A portfolio review is when a professional photographer, photo editor or agent examines and critiques your carefully-curated portfolio of top images. Reviews are often available at photo conferences, including NANPA’s 2019 Nature Photography Summit and Trade Show, where you can sign up for a portfolio review with one of more than 20 top-notch photography professionals. But, why would you want to do this?
You are not the best judge of your own photos.
You absolutely, positively cannot fairly and completely evaluate your own work. Neither can your friends, and certainly not your relatives! If your mom’s like mine, she’d find a photo of the back of your lens cap an intriguing abstract composition ready to be hung in a museum. Your opinion of a shot may be colored by fond memories of the experience of capturing that image, but no one else will have those memories. You need to ask someone who can look at your photos with fresh eyes, be objective (well, as much as anyone can be) and give you a solid, unbiased evaluation of your work. Often, your reviewer will be similar to your ideal client or audience. Who better to tell you if your photos pique their interest or fill a need?
You’ll learn what is and isn’t working.
Knowing what worked is as important as seeing what didn’t work, both for an individual image or for a collection of images in a story, project or portfolio. If you listen to where your work falls short, you can make dramatic improvements in future images. And, while reviewers are looking for weaknesses, they also point out your strengths, which allows you to capitalize better on what you already do well.
You’ll get a sense of the market.
A good reviewer can tell you whether your photos fill a market need or whether they’d be difficult to sell. Trends are fickle. What’s popular this year probably wasn’t last year. Are your photos of a type that people are buying for their wall? That photo editors are buying for their magazine or stock agency? In what subjects or styles are you hitting the nail on the head and where are you missing the mark?
You can discover or enhance your personal style.
Preparing a portfolio forces you to look at your catalog of photos and select the most appropriate ones for the given review. In the process of culling and selecting, you very well might start to see themes, strands or even a dominant style to your work. That can help differentiate you from the crowd. Your reviewer will also likely see themes or styles you hadn’t realized were there.
A portfolio review is highly unlikely to end with a delighted reviewer offering you a contract on the spot. And it’s not really the place for a hard sell on your part. Instead, it’s a chance to make a connection, to acquaint someone with your name and your work. It’s the start of a dialog. And it’s a chance for you to learn from their experience and expertise. If any work eventually comes your way, it’s likely to be several steps removed—the reviewer knows someone who knows someone who’s looking for the kind of thing you have. You’re now on their radar.
If you’ve already registered for the 2019 Nature Photography Summit and Trade Show, you can easily add a portfolio review, but do it soon! These have a habit of selling out. If you haven’t registered yet, what are you waiting for? Here are a few more reasons to get yourself out to Las Vegas next month. Pre-conference prices are only available through January 20th.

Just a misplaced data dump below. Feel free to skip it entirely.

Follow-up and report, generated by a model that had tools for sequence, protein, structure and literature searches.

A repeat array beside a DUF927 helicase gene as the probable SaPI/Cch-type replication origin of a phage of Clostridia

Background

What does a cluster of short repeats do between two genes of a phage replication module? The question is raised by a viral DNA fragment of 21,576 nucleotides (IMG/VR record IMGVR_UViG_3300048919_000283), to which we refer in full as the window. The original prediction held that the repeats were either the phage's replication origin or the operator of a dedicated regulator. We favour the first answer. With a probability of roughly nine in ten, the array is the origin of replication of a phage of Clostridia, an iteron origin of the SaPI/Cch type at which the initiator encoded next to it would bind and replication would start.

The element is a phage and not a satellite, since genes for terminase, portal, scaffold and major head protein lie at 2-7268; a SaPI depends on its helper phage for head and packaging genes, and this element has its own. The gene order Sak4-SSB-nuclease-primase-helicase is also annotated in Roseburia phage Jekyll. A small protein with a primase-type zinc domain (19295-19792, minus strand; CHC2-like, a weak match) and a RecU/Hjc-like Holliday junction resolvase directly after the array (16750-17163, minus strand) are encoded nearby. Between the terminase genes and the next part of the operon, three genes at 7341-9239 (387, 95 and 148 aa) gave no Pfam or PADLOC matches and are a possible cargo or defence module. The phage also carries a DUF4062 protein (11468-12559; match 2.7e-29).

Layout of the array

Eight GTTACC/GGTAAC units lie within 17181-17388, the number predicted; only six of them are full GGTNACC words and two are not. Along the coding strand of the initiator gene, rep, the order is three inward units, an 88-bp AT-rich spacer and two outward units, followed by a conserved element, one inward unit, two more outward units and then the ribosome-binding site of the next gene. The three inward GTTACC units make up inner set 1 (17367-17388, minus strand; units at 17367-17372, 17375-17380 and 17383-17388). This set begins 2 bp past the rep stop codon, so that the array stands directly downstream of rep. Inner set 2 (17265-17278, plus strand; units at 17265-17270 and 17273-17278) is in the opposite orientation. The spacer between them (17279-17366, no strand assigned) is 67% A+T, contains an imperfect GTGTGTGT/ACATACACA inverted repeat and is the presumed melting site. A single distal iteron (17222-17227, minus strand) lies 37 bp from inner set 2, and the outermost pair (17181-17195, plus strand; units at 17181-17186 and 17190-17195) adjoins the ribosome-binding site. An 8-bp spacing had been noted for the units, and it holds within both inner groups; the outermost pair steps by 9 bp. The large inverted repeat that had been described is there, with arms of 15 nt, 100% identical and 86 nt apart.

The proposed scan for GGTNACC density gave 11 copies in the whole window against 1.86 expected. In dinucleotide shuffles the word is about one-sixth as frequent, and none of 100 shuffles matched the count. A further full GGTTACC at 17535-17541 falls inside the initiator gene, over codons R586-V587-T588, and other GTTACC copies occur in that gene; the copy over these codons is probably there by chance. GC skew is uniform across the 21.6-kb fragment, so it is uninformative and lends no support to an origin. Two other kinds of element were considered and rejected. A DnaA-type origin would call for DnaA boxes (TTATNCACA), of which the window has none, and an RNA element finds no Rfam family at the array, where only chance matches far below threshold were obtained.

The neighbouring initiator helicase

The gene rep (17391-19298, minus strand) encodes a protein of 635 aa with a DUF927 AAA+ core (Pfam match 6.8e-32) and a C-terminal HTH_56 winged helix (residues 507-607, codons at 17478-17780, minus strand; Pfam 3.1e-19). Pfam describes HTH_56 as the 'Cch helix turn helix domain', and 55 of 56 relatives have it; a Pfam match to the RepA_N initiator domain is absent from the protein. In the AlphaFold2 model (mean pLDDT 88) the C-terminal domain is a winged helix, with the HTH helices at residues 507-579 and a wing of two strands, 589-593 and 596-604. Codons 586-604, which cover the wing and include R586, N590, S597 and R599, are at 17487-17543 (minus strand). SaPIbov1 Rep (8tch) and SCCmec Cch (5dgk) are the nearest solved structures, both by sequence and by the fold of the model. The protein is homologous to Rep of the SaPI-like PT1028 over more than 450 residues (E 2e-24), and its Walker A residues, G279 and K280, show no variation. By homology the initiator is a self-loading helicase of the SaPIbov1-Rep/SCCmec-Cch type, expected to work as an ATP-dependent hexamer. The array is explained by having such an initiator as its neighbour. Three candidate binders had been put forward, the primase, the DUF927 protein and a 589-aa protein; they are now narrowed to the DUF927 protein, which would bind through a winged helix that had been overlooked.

A portfolio review may sound intimidating. Who wouldn’t be a little nervous having one of your photography idols looking at your work with a critical eye? But the benefits are more than worth the cost.
There are a few things you can do to make your portfolio review at NANPA’s 2019 Summit (or wherever you get one) go smoothly.
- Read all the instructions and follow the rules and suggestions. It seems like a no brainer, yet there’s always at least one person who brings too many images, or in the wrong format, or books a review in the wrong category.
- Make sure there’s a flow and consistency to your portfolio. One image should logically and gracefully follow another. You don’t want to present a bunch of wildly divergent subjects, lighting, compositions and editing styles, each one jarringly different from another.
- Have a purpose going in. Be able to tell the reviewer what you hope to learn. Have a couple of questions you’d like the review to answer. Don’t make the reviewer do all the talking.
- Listen carefully and be prepared to take a lot of notes. Maybe you want to record the review on your phone (ask first, to be sure it’s OK). You can get a lot of information and advice in a 20-minute review.
- Do your homework and learn about your reviewer. You want their background and experience to be similar to your goals and intended audience or buyer. Do you have a passion for wildlife photography? Maybe you should be signing up for a review with Stacey Frank at the NANPA’s 2019 Nature Photography Summit. Her agency, Minden Pictures, is one of the premier providers of wildlife and nature photography. Do a lot of travel photography? Then you might want to book with Danita Delamont, whose agency represents travel and culture photographers, as well as nature and wildlife pros. Focused on breaking into the Fine Art market? Maybe Ron Rosenstock the one for you. The reviewers at the NANPA Summit cover all genres and all skill levels.
A portfolio review is one of the best ways to grow as an artist. It’s fast, chock full of actionable information and, if you go into it in the right frame of mind, it can even be fun!